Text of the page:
© Peter Hodgkinson 2016

Dr Peter E Hodgkinson Chartered Clinical Psychologist - Military Historian

The Letters of Private Frederick Whitham

Frederick Whitham (1883-1915), the son of Joseph and Mary J. Whitham, was descended from generations of filecutters from the Ecclesfield area of Sheffield. In 1911 was working as a shell turner for Vickers Ltd in Brightside, Sheffield.

He married Emma Loomes in early 1905, and had three children: Emma (b.1908), Doris (b.1913), and Frederick (b.1911) by the outbreak of war. Emma was pregnant when he enlisted, and Sarah Ann was born in early March 1915. The parish of Heeley commemorates his death, (and the CWGC gives her address as 91, Heeley Green, Sheffield) but he and his wife were living in August 1914 at 13 Court 19 House, Solly St, Netherthorpe, Sheffield, his parents also living in Solly Street in 1911.

Thirty-six letters remain from Frederick to Emma, although there are indications that some are missing.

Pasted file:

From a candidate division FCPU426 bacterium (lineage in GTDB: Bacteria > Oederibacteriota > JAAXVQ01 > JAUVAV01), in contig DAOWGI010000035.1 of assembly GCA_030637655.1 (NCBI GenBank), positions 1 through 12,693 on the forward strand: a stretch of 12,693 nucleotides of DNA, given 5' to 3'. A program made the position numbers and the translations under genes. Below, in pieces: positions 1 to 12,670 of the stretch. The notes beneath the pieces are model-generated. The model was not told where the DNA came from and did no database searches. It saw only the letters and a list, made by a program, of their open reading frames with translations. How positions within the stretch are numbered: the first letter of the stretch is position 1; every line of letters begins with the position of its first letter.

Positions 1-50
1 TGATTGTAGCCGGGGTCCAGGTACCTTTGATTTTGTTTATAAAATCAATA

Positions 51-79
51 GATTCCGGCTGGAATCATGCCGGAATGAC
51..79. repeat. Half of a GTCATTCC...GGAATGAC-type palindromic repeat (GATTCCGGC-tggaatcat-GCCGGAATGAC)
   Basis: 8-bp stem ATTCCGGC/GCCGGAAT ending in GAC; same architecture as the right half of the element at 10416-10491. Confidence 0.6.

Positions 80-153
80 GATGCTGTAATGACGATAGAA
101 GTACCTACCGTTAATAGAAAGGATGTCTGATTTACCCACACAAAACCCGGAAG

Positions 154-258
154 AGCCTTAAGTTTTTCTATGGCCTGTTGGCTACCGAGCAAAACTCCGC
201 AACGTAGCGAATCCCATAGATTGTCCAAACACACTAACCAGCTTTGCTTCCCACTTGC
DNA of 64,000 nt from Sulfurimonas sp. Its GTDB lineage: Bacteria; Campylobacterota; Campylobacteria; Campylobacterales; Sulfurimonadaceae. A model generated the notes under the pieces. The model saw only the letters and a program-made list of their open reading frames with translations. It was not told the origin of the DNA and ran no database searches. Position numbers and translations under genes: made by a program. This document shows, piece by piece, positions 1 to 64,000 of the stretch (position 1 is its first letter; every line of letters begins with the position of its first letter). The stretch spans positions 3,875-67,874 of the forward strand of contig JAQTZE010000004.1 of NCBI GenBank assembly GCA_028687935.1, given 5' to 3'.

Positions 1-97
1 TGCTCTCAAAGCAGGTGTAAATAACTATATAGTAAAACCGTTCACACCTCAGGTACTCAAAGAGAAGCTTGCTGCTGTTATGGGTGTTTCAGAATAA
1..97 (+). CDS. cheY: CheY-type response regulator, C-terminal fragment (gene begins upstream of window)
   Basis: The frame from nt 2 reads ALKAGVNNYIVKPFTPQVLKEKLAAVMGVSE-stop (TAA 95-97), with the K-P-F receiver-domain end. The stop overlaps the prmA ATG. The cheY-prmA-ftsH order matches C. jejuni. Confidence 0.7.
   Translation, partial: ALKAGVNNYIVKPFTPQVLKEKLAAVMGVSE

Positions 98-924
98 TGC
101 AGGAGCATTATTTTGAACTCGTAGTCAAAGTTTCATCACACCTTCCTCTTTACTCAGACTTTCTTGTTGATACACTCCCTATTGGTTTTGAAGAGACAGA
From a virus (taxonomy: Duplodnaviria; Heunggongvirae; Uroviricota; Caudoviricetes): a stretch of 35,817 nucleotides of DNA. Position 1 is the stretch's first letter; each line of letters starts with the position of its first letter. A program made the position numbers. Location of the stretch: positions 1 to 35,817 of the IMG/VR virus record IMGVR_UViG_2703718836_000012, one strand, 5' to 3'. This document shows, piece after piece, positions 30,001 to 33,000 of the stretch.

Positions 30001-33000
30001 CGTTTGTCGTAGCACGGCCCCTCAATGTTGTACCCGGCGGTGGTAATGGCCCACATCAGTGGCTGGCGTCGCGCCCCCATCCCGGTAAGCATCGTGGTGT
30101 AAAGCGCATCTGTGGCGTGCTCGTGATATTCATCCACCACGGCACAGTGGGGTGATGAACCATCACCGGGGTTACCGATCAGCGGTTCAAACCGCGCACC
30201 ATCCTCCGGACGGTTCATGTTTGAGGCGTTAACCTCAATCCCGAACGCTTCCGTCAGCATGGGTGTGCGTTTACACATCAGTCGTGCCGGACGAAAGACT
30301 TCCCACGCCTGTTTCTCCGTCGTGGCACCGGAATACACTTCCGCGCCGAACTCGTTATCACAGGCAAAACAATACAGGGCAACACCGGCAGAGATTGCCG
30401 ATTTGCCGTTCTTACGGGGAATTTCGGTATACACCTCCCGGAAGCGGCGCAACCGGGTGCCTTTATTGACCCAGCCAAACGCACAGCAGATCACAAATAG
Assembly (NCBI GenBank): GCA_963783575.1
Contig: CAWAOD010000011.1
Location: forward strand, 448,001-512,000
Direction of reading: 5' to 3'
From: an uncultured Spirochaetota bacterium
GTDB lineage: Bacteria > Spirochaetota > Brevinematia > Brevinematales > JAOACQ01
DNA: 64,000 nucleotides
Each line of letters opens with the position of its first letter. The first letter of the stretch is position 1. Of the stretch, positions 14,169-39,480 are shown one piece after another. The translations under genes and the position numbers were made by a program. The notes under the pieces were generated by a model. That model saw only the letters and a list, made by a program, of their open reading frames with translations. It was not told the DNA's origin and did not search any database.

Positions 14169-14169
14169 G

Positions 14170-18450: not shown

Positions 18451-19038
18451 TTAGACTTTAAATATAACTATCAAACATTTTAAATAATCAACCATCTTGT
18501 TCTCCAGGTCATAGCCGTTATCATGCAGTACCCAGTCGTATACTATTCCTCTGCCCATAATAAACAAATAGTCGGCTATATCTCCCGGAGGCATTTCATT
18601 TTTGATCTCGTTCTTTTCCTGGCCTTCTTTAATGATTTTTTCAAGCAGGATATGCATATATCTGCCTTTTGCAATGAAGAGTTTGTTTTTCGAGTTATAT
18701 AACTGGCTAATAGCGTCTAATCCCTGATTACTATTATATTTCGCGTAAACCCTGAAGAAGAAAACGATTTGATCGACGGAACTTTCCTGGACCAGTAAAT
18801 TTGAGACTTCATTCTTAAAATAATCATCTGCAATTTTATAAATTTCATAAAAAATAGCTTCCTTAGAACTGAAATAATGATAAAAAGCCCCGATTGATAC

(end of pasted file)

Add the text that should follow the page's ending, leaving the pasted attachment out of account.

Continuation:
Soldiers Died in the Great War states that Frederick Whitham enlisted in Sheffield, but a letter from his wife dated 20 August 1914 places him at the regimental depot of the Yorkshire Regiment, at Richmond.


20 8th1914


Please find enclosed Marriage & Certificates of birth of wife and children of Regtl. No. not yet known of Pte. Whitham Depot 19th Foot Richmond Yorks. Sir I remain your obedient servant address Mrs Emma Whitham 13 Ct 19 House Solly Street Sheffield Yorks.

The prefix 3/ in his regimental number 3/8143 means that he was enlisted in the Special Reserve, and the number itself indicates he enlisted after 5/8 but before 17/8/1914. The fact that he entered the France & Flanders theatre on 14/11/1914, i.e. early post-enlistment suggests he had some previous military experience. It is likely that he had joined the Special Reserve of the Yorkshire Regiment pre-war, but had left by August 1914, and that this is why he served with the Yorkshires, rather than the locally recruiting York & Lancasters.

The letters (reproduced with the kind permission of Alistair Caisley):

Letters from England October-November 1914

Letters from Flanders November 1914 - February 1915

Letters March-April 1915 – The Battle of Neuve Chapelle

Letters from Flanders May-June 1915 – The Battle of Festubert

Letters from Flanders June-September 1915 – The Battle of Givenchy

The Battle of Loos

The article analysing the content of the Whitham letters can be accessed via the downloads page.

Great War